Monday, August 10, 2020

Summer disease update

 Six extended wetting events since Jul 22 have dramatically increased summer disease pressures in the Winchester area: Jul 22: 6 hr wetting at 73° with 0.9 in. rain, Jul 23-24: 13 hr wetting at 73° with 0.51 in. rain, Jul 30-31: 21 hr wetting at 70° with 1.01 in. rain; Aug 1-2: 15 hr wetting at 72° with 0.45 in. rain, Aug 3-4: 19 hr wetting at 68° with 0.92 in. rain; and Aug 6: 6 hr wetting at 68° with 0.2 in. rain. Suffice it to say that Winchester's extended dry conditions of July have passed! Wetting events at these temperatures have favored development of sooty blotch and flyspeck and the rot fungi. Evidence of early season (scab), mid-season (Brooks spot), and late season diseases (sooty blotch and developing rots) is shown below:

Scab, sooty blotch and rot spots on unprotected Granny Smith fruit at Virginia Tech AREC, Winchester, VA, Aug 10, 2020.

Infection by Brooks spot (8 o'clock and 1 o'clock positions from the calyx), as well as sooty blotch and rot spots on unprotected Idared fruit, Aug 10, 2020. Infection by Brooks spot, one of the earliest "summer diseases", typically occurs about a month after petal fall.

Recent disease pressure has been somewhat heavier than Winchester in other areas of Virginia, especially east of the Blue Ridge. Amounts of rainfall from extended wetting events have varied, especially with the remnants of the recent hurricane. Most were not excessive in areas where rain was needed; some extended wetting occurred with only a few hundredths of an inch of rainfall. All of these have been favorable for rot development where protection was inadequate and volume of rainfall can impact fungicide residual.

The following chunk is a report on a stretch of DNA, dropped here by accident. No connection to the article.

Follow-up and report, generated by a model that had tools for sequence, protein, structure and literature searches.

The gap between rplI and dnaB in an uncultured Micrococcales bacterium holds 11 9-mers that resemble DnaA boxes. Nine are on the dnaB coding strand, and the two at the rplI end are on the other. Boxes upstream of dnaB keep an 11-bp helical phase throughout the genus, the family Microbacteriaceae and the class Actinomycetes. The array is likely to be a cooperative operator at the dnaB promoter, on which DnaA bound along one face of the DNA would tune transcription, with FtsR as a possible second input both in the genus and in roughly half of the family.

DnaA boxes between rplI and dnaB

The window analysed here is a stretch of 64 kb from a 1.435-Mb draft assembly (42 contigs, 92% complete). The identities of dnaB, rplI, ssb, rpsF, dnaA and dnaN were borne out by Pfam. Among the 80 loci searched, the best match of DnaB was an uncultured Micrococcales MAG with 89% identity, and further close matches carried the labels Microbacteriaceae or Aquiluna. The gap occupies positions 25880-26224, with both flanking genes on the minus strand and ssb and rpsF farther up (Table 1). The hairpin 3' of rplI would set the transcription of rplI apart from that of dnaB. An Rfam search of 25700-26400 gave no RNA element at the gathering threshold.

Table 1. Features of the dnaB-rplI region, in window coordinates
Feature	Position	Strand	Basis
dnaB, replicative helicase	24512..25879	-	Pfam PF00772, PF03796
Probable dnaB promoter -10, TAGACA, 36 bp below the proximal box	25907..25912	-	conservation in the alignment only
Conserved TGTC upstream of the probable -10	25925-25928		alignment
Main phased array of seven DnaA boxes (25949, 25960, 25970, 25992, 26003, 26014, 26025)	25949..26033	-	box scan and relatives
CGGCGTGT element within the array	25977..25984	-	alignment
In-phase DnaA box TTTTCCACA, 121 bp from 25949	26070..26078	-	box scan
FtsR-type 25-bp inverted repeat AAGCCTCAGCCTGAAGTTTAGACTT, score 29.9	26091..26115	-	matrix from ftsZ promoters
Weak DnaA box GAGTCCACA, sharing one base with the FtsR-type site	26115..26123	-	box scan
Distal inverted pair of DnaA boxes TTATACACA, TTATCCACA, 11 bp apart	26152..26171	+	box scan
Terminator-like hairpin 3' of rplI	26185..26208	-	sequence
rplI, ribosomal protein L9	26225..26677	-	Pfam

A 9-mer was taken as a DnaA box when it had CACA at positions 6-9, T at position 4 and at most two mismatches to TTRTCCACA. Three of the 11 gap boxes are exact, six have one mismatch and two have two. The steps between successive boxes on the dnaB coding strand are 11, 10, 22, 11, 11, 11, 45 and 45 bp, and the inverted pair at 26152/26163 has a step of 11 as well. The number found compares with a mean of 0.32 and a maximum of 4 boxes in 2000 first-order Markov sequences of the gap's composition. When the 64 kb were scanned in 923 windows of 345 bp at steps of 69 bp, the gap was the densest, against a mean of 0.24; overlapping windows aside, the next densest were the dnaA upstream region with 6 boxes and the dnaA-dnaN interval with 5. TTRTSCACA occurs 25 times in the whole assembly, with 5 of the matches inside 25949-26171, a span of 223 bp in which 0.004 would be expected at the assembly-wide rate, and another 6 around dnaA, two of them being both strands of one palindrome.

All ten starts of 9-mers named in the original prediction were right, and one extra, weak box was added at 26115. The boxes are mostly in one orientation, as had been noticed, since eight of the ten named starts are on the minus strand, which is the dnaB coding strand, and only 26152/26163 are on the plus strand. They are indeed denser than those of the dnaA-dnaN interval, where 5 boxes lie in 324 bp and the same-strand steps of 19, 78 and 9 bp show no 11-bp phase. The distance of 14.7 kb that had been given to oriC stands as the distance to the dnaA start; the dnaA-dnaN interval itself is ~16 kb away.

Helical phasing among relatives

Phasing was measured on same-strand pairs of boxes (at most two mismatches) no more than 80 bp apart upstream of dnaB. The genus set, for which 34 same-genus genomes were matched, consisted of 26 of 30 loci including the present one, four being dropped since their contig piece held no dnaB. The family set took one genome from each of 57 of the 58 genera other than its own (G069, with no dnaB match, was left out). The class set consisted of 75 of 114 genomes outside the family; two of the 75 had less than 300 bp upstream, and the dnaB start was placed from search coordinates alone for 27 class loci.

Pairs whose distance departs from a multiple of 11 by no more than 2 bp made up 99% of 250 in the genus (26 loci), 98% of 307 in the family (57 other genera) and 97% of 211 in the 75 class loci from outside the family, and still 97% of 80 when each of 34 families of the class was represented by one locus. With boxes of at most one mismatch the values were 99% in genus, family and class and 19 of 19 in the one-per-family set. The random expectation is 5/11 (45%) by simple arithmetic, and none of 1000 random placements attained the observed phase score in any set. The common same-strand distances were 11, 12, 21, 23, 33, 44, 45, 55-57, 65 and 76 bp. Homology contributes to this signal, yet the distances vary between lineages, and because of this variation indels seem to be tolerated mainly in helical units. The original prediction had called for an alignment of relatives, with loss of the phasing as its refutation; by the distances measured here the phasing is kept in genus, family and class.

Fire blight-killed shoots harbor the rot fungi and are a common pre-harvest inoculum source. Due to cool temperatures throughout bloom, the Winchester area mostly escaped fire blight this year, but infection was more common east of the Blue Ridge and in the Roanoke area.

Accumulated wetting hours through the summer can be an indicator of summer disease pressure, particularly to predict the development of the sooty blotch and flyspeck (SBFS) fungal complex, but also can be a general indicator of rot pressure. To predict SBFS, we record accumulated wetting hours (ACW) from rainfall, fog, or dew, starting 10 days after petal fall. The action threshold of 250 ACW predicts that the SBFS fungi are present on unprotected fruit when the threshold is reached, and symptoms will soon appear with further incubation. Winchester passed the 250-hr threshold on July 21, and symptoms are now present on unprotected fruit, as shown above, with symptoms heavier at lower elevations, which have more wetting hours. Here is a listing of selected petal fall dates and current total wetting hour accumulation (ACW) for selected locations as of Aug 10: Winchester, May 5, 393 ACW; Staunton, May 5, 823 ACW; Roanoke, Apr 18, 447 ACW; Floyd, Apr 28, 470 ACW; Manassas, Apr 28, 694 ACW; Sperryville, Apr 28, 387 ACW; Crozet, Apr 18, 423 ACW; Carter Mountain, Apr 18, 558 ACW; Red Hill, Apr 18, 483 ACW; Lynchburg, Apr 13, 647 ACW; Rustburg, Apr 13, 573 ACW; Danville, Apr 13, 832 ACW. 

Unless unusual fruit disease-related events occur, this will be the final post for this year. With approaching harvest, carefully observe pre-harvest intervals and per acre per year restrictions for all fungicides and all crop protection products.